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Nutmeg is a seed derived from the same species as mace (Myristica). (

Nutmeg is included in an assortment of remedies listed in the Pharamcoepia, ranging from a plaster, to a compound tincture. In the Compendium, the majority of entries that included nutmeg were cookery items for the sick.

British Pharmacopoeia 1867

Preparations of Nutmeg

Warm Plaster / Emplastrum Calefaciens [1]

  • cantharides in cparse powder (4 oz), expressed oil of nutmeg (4 oz), yellow wax (4 oz), resin (4 oz), soap plaster ( 3 ¼ lb), resin plaster (2 lbs), boiling water (1 pint)

Pitch Plaster / Emplastrum Picis[2]

  • burgundy pitch (26 oz), common frankincense (13 oz), resin (4 ½ oz), yellow wax (4 ½ oz), expressed oil of nuteg (1 oz), olive oil (2 fl oz), water (2 fl oz)

Compound Mixture of Iron / Mistura Ferri Composita[3]

  • sulphate of iron (25 grains), carbonate of potash (30 grains), myrrh (60 grains), refined sugar (60 grains), spirit of nutmeg (4 fl drachms), rose water (9 1/3 fl oz)
  • dose: 1-2 fl oz

Volatile Oil of Nutmeg / Oleum Myristicae [4]

  • “Oil distilled in Britain from nutmeg… Colourless or strawyellow, having the odour and taste of nutmegs.”
  • used in the preparations of: Pilula Aloes Socotrinae, Spiritus Ammoniae Aromaticus, Spiritus Myristicae

Expressed Oil of Nutmeg / Oleum Myristicae Expressum[5]

  • syn: myristicae adeps, 1864
  • “A concrete oil obtained by means of expression and heat from nutmegs… Of an orage colour, firm consistence, and fragrant odour like that of nutmeg.”
  • Used in the preparations of: Emplastrum Calefaciens, Emplastrum Picis

Aromatic Spirit of Ammonia / Spiritus Ammoniae Aromaticus [6]

  • Carbonate of Ammoia (8 oz), Strong solution of ammonia (4 fl oz), volatile oil of nutmeg (4 fl drachm), oil of lemon (6 fl oz), rectified spirit (6 pints), water (3 pints)
  • dose: ½-1 fl drachm

Compound Spirit of Horseradish / Spiritus Armoraciae compositus[7]

  • horseradish root, scraped (20 oz), bitter-orange peel, cut small and bruised (20 oz), nutmeg, bruised (1/2 oz), proof spirit (1 gallon), water (2 pints)
  • dose: 1-2 fl drachms

Spirit of Nutmeg / Spiritus Myristicae [8]

  • Volatile Oil of Nutmeg (1 fl oz), rectified spirit (49 fl oz)
  • dose: ½ - 1 fl drachm
  • used in preparations of: mistura ferri composita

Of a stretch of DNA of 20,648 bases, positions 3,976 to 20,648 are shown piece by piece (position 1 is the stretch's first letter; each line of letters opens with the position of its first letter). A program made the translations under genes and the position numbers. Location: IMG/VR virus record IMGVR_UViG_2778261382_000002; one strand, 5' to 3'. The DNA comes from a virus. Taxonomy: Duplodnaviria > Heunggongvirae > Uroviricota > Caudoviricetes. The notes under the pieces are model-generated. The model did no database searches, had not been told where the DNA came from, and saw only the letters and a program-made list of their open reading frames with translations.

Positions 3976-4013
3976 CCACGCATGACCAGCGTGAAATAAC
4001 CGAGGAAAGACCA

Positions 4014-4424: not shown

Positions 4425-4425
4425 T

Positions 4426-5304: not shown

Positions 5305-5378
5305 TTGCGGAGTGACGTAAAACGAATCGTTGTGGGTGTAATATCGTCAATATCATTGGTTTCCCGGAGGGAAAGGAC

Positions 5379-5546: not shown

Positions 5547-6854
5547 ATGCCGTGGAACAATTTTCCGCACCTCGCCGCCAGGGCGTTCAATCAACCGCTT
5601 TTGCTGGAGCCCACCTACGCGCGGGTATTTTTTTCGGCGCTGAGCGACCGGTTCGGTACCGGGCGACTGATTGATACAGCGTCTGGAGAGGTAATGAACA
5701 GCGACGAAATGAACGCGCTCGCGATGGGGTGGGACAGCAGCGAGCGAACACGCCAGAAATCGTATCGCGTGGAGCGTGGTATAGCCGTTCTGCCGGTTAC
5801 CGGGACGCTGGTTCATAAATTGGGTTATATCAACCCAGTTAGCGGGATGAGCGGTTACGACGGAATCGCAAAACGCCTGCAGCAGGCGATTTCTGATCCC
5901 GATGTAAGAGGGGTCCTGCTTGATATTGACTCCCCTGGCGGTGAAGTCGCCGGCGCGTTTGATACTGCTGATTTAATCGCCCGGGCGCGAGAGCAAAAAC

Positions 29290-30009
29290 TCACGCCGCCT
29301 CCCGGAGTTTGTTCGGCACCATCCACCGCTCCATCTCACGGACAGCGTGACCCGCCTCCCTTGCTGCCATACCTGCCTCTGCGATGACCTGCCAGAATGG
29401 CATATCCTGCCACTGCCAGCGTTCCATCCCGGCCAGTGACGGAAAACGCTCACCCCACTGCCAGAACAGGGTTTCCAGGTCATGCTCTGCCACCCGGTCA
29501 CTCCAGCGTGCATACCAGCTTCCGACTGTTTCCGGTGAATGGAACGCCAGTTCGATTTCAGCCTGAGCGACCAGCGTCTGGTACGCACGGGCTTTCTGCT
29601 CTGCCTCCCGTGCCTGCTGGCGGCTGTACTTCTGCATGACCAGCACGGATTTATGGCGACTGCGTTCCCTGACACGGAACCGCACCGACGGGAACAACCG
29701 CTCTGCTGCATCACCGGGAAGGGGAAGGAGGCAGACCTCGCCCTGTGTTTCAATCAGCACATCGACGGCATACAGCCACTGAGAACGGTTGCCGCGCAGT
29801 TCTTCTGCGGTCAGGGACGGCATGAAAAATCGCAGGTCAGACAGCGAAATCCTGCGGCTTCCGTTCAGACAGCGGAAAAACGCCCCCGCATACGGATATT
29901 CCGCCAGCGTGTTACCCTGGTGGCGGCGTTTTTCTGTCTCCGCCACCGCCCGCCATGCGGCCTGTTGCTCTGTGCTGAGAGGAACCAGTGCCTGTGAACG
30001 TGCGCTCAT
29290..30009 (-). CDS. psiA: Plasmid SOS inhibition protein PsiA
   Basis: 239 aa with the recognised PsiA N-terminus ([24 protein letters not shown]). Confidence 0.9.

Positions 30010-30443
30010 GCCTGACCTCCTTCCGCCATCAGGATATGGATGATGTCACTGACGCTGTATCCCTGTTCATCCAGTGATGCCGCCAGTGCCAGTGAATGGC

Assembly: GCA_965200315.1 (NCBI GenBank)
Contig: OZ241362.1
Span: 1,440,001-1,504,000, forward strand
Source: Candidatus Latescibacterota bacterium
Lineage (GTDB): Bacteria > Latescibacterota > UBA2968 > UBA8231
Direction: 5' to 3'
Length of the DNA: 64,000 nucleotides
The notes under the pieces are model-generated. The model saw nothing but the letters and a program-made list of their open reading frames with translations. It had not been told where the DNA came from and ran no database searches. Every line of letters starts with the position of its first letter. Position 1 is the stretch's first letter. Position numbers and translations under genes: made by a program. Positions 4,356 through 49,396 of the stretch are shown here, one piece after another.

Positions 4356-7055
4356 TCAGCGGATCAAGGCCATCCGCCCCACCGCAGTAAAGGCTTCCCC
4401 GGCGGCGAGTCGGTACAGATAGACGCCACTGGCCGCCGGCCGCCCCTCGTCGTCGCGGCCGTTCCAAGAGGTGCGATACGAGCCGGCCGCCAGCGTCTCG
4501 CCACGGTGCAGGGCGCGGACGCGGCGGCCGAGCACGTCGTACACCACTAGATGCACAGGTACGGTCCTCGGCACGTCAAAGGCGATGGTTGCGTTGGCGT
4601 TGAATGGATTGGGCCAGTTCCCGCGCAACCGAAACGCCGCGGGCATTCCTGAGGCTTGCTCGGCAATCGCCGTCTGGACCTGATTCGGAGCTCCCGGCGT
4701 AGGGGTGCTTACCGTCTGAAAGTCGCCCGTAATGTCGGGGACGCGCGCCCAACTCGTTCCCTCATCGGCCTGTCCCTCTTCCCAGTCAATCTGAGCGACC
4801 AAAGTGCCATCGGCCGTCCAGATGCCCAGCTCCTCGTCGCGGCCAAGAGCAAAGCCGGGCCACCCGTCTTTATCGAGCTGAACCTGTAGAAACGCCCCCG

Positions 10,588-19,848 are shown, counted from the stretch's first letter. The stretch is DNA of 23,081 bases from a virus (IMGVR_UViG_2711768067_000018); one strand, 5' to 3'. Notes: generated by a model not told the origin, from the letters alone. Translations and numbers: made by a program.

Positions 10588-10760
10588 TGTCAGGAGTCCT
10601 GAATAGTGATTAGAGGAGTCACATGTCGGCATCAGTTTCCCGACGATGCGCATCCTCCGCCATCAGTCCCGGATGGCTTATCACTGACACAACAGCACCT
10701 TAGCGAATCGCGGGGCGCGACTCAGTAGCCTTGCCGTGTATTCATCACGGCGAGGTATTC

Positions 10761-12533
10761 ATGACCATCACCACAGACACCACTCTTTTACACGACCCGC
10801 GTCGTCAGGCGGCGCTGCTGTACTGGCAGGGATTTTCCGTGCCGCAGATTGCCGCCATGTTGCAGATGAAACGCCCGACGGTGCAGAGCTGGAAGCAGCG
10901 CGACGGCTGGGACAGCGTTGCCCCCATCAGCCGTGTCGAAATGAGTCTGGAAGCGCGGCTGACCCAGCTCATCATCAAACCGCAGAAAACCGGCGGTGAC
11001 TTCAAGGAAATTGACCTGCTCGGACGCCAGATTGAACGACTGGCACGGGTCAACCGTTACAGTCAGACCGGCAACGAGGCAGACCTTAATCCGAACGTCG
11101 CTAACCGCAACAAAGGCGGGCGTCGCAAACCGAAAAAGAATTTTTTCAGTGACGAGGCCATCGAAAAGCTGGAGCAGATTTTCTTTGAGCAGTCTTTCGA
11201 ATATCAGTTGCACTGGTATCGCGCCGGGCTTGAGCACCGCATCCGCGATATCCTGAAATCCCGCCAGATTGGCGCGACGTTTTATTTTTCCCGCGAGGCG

Compound Tincture of Lavender / Tinctura Lavandulae Composita [9]

  • sun: spiritus lavandulae comositus
  • oil of lavender (1 ½ fl oz), oil of rosemary (10 minims), cinnamon bark, bruised (150 grains), nutmeg, bruised (150 gains), red sandal wood (300 grains), rectified spirit (2 pints)
  • dose: ½ - 2 fl drachms

A Compendium of Domestic Medicine, 1865

Remedies Containing or to be used with Nutmeg

  • Acid, Citric: spirit of nutmeg is in the “Saline Mixture” to treat inflamed and sore throats[10]
  • Alum, Common: powdered nutmeg is included in “Alum Pills, For Spitting Blood”[11]
  • Ammonia, Sesquicarbonate: spirit of nutmeg included in “Diaphoretic Draught”[12]
  • Bark, Canella: nutmeg used in the making of usquebaugh (whisky), most likely included for flavour[13]
  • Quinine, Sulphate of: spirit of nutmeg is included in a formula ordered by Dr. Copland, used in the treating of dyspepsia when accompanied with hepatic derangement.[14]

Diseases Treated with Nutmeg

General Diseases

  • Flatulence: nutmeg can be eaten along with other spicy fruit and carminatives[15]

Infantile Diseases

  • Hooping or Chincough: for young children (2-3 years old) the hands, soles of the feet, spine, and pit of the stomach can be rubbed with oil of nutmeg, or other stimulating liniments.[16]

Prescriptions Containing Nutmeg


  • Aromatic Chalk Mixture: spirit of nutmeg[17]

Aperients and Cathartics

  • Aperient Mixture (Another): spirit of nutmeg[18]


  • Refrigerant Draught: spirit of nutmeg[19]

Cookery for the Sick that includes Nutmeg

  • Panada, made in Five Minutes: a scrap of nutmeg is boiled in white wine, sugar, lemon-peel, and bread crumbs.[20]
  • Chicken Panada: nutmeg is grated into the pounded white meat along with lemon-peel.[21]
  • Caudle: nutmeg is added to a fine smooth gruel, that also contains sugar, wine, and lemon-peel[22]
  • Caudle (Another): nutmeg is added to the gruel that has had an egg yolk beaten into it, along with sugar, wine, and water. “It is very agreeable and nourishing”[23]
  • To Mull Wine: nutmeg and sugar are added to the wine and boiled[24]
  • To Mull Wine (Antoher): grated nutmeg and a piece of cinnamon are boiled in wine[25]
  • Ground Rice Milk: nutmeg is boiled in milk that contains ground rice, cinnamon, and lemon-peel[26]
  • A Draught for Cough and Debility: Nutmeg is scraped into a mixture containg egg, milk, capillaire or vinegar, and rose water[27]
  • Egg Wine: nutmeg, sugar, water, and white wine are boiled together, and then slowly added to a beaten egg, returning the mixture to the saucepan and heating.[28]


  1. General Medical Council of Great Britain, British Pharmacopeia, (London: Spottiswoode & Co.,1867), 105
  2. GMCGB, 108
  3. GMCGB, 210-11
  4. GMCGB, 225
  5. GMCGB, 225
  6. GMCGB, 294
  7. GMCGB, 295
  8. GMCGB, 297
  9. GMCGB, 335
  10. Savory, John. A Compendium of Domestic Medicine (London: John Churchill and Sons, 1865), 1.
  11. Savory, 15
  12. Savory, 16
  13. Savory, 28
  14. Savory, 123
  15. Savory, 233
  16. Savory, 274
  17. Savory, 309
  18. Savory, 311
  19. Savory, 333
  20. Savory, 336
  21. Savory, 337
  22. Savory, 339
  23. Savory, 339
  24. Savory, 340
  25. Savory, 340
  26. Savory, 342
  27. Savory, 344
  28. Savory, 346

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